FRAU BUSACK exhaled fully as she sat down on a stone bench. Around her were three bulging shoulder bags, a big box containing a new space heater, and thousands of fellow East Germans. The Wilmersdorfer Street shopping district of West Berlin has been turned into a merchant's dream and a consumer's nightmare over the past few weekends. Store owners need only unlock their doors to fill their shops with willing buyers. But customers with a pent up demand of more than 28 years were making tough choices about what to buy first with their limited cash.
As most of the East Germans in the crowded, open-air mall had done, the Busack family - a young couple with three children - had gotten up early to catch an over-filled train to West Berlin. They had heard from friends who had visited the previous weekend that the city would be full of people. More than 8 million East Germans have poured into West Germany as of late this month, according to West German figures quoted in the press - a figure equal to about half the East German population.
``This is more than we expected,'' said Mrs. Busack, making a short circular wave. She meant both the mass of humanity and the wide range of items in stores.
Her husband and three children returned with soft drinks for everyone. They clinked cans and toasted the end of a very long, but successful, shopping foray. But they still had a long train ride back to their home in Stendal - about 60 miles West of Berlin.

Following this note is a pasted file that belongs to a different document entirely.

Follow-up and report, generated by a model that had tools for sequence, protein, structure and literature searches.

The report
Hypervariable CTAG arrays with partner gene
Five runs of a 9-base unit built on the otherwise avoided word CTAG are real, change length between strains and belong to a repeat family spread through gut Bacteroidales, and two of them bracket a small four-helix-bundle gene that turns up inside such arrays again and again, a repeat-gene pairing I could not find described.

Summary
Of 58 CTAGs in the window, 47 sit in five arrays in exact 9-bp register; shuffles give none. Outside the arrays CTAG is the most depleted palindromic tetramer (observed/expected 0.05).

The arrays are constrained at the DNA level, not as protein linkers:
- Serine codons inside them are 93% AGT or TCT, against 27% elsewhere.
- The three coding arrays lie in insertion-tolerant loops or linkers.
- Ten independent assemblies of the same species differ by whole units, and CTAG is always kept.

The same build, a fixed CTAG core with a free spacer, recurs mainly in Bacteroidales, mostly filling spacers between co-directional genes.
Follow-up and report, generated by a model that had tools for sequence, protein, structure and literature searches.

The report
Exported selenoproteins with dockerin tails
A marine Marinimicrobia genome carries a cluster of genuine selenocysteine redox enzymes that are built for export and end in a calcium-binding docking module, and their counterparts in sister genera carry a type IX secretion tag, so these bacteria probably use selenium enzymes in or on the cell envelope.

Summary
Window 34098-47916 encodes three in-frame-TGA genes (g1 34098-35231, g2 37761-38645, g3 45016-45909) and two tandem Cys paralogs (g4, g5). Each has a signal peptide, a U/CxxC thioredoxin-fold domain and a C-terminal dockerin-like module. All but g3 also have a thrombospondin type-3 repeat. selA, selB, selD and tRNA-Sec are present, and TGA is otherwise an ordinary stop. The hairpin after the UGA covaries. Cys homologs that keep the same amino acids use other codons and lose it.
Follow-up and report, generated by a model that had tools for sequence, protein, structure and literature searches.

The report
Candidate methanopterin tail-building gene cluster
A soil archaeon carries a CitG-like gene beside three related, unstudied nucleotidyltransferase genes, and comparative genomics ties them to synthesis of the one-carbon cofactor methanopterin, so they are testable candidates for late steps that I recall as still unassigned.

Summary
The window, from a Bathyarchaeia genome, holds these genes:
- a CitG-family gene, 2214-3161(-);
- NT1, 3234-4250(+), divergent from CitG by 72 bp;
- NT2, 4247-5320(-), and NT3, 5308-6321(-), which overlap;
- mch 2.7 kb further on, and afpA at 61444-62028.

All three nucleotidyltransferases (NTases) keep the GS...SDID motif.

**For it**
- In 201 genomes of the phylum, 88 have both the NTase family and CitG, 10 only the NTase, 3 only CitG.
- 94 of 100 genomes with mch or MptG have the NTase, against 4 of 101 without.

For most East Germans, Western-style shopping is a new and sometimes risky experience.
``They are not used to comparison shopping,'' says Thorsten Piepgras, a representative for West Berlin's Consumer Central office. In East Germany's centralized economy the prices are fixed. A can of beans costs the same regardless of where it's bought.
``There's also a mentality problem,'' explains Mr. Piepgras. ``Over there, if you see bananas or oranges in stores, you buy as many as you can because who knows when you'll be able to buy them again. When East Germans come here they instinctively do the same thing.''
For many East Germans, their only access to hard currency is the 100 deutsche mark (approximately $54) ``welcome money'' handed out once a year as a gift from the West German government. The money doesn't go very far in West Berlin. And if the visitor is unfamiliar with Western prices, some hard lessons about capitalism are learned quickly.
The Consumer Central office, in an attempt to educate East Germans, distributes free information pamphlets. The pamphlet explains that prices vary from store to store in the West. Locations of stores with lower prices are listed. One section advises shoppers to compare quality, not just price, when buying items such as stereos and televisions.
Merchants have reacted to the preferences of the East Germans in ways that communist government central planners never has.
Consumer goods such as boom-box stereos, color TVs, cameras, and Walkman-style cassette tape players sold quickly all over the city. Though still illegal in East Germany, videocassette players also sold fast. In order to keep from being overrun, shop clerks at electronic goods stores locked their doors and only allowed a few customers in at a time. Such stores could be spotted from a distance - the long lines of people patiently waiting outside gave them away.